Selecting the right ERP system for your business does not have to be a complicated process, but you should consider the pros and cons of each option for your business – onsite or cloud-based? There is rarely only one solution for every business, and it does help to discuss the specifics of your situation and your goals with a professional ERP specialist (for current clients, or if you’re a new customer email sales@horizonbiz.com.au).


A cloud-based ERP system can only be accessed online, and requires little maintenance – which is usually included in your monthly cost but its efficiency is dependant on the speed and costs of your company’s internet provider. An onsite ERP is one that your business hosts on a server on the premises, and maintenance is up to you and your IT team.

When you’re choosing between an onsite ERP or a cloud-based one, there are several factors you’ll need to keep in mind. Remember that the right system for you will work with your business as it grows.

  • Consider the cost of each option. Cloud based options are considerably cheaper upfront than onsite ERP’s but are ongoing.
  • Consider the reputation and plans for development of the software provider. Do you know of and trust the company name?
  • Consider installation and support – is this local (ie; can people come to you to help your team with updates, configuration and training) or is this only provided online/overseas/interstate?
  • Remember that you’ll need to update and upgrade your software
  • Consider the system you already use, how your staff use this and what would work best with it
  • Consider the size of your business and how it could grow
  • Have a plan for natural disasters
  • Consider the start-up costs and necessary work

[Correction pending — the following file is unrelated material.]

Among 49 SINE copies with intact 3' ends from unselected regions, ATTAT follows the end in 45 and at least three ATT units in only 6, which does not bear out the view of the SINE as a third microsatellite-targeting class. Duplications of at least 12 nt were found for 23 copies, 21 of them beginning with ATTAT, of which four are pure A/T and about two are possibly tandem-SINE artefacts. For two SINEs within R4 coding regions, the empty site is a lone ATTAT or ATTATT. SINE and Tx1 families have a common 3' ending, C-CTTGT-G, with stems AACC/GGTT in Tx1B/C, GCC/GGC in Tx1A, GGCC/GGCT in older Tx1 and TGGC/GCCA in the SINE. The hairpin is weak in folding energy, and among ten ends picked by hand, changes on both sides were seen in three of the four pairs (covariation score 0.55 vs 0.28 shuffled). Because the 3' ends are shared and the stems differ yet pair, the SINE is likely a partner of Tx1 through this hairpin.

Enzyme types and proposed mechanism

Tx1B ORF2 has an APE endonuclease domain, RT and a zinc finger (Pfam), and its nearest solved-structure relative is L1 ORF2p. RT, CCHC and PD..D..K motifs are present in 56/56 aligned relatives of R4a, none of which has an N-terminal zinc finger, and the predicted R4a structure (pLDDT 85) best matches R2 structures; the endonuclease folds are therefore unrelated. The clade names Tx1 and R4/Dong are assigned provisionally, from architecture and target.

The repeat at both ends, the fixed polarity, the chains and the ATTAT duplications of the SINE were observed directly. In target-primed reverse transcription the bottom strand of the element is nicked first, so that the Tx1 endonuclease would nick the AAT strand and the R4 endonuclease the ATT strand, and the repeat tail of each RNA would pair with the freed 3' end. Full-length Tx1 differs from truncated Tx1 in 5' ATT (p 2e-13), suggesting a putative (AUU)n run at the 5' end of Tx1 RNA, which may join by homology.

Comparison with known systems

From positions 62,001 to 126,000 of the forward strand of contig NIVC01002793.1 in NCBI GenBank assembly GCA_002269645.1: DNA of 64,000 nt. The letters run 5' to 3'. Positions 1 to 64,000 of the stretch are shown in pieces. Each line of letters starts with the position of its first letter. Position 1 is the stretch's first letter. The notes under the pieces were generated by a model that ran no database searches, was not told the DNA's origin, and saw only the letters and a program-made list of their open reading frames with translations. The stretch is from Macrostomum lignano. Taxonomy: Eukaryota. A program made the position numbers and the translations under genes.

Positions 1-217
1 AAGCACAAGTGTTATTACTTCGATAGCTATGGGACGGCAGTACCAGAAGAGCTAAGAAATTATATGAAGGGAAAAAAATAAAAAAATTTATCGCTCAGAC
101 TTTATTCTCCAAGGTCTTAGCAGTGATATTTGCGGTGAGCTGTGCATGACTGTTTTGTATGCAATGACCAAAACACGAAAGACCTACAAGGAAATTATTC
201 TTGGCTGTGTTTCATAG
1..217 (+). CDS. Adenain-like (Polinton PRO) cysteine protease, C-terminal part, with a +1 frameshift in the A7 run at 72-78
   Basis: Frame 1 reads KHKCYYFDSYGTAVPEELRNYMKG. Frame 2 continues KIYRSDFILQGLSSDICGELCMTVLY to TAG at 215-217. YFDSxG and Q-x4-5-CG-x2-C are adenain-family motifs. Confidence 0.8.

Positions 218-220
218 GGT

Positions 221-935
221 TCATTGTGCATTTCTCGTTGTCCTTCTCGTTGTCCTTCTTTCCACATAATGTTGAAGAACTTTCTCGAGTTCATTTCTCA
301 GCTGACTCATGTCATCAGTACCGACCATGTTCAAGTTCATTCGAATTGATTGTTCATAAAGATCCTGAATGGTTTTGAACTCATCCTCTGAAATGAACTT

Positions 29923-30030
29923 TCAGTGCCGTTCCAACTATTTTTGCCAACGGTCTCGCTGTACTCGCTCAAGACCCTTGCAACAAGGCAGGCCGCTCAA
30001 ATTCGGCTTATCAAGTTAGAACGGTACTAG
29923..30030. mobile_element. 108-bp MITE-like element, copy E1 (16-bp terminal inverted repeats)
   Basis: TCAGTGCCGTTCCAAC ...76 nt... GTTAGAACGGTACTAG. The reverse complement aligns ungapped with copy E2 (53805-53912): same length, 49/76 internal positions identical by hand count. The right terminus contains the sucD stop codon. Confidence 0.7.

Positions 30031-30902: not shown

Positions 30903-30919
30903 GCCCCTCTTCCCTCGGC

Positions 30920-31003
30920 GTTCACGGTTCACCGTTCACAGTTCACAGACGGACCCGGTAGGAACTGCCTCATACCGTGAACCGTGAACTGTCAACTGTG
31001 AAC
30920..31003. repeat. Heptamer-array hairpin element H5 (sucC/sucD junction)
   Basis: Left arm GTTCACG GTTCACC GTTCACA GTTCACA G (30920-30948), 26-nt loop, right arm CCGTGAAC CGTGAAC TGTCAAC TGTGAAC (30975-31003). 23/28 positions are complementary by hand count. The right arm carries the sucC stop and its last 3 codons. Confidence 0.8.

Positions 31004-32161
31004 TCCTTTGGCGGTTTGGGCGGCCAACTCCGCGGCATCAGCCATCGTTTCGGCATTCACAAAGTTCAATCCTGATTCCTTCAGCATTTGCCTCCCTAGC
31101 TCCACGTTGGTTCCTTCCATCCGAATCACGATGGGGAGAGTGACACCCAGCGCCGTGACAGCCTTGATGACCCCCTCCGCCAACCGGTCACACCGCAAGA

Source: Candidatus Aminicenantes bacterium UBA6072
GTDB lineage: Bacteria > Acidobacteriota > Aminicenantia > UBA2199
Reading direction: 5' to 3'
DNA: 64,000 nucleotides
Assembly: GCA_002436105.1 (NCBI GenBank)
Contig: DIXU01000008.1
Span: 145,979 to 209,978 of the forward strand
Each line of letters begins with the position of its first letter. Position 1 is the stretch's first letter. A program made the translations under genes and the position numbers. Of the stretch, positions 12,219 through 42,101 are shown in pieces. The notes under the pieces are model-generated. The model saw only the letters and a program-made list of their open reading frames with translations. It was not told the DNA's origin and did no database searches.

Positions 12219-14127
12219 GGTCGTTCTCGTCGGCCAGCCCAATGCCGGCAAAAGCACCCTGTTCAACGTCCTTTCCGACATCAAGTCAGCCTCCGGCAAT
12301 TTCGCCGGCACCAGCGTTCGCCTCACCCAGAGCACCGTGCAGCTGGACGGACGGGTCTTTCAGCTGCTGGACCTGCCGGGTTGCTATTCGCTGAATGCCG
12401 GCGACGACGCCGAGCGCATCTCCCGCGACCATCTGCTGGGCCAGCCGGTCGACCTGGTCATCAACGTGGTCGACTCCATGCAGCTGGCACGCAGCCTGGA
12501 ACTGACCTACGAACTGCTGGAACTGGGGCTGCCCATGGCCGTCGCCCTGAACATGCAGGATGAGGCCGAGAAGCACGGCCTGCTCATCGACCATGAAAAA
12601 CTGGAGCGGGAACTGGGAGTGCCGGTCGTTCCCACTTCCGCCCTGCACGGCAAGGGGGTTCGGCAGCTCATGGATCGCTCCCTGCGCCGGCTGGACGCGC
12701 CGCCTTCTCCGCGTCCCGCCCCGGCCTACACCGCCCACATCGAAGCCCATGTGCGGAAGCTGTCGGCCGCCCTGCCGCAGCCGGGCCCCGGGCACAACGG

• Consider the speed and accessibility you’re looking for


Generally, for an onsite ERP, you’ll have a high investment cost in addition to maintenance and upgrade costs, while a cloud based ERP requires a monthly subscription based on a package that you choose. However, you will need be dependant on factors such as internet speed for repetitive processes. For example, inputting invoices.

With an onsite ERP, you are responsible for the cost of the server and hardware, maintenance, the software, IT personnel to maintain both hardware and software, and more. However, this investment does become more cost effective in time with most large systems paying for themselves within a two to three year period. Also, the speed of your server will, for the foreseeable future, outpace your internet processing speed. This is particularly important if the majority of your business accounting activities take place onsite. You will also need to consider what other software applications you use in your day-to-day business. It is easier to ‘bolt on’ products to an onsite ERP system plus if you use other industry specific software (for example CAD) that needs a server anyway, the costs of maintaining a server will still exist.

If you choose a cloud based ERP, your regular ongoing costs may be higher, but the monthly subscription rate will include the cost of maintenance, hardware, software, and whatever the plan you choose includes. One of the major benefits of Cloud is the access to information from anywhere – great for your on the road Sales Team, work from home staff or Directors.


When you host an onsite ERP, you are responsible for your own maintenance, including having an IT team to update software, install new hardware, and ensure that the settings are appropriate for your business. Both onsite and Cloud systems will need access to a dedicated team that understands how to configure the system to your needs.

As part of your monthly subscription for a cloud based ERP, upgrades and software updates should be taken care of for you. Your service provider should ensure that your business always has the newest version, and that the settings are customised to your business needs.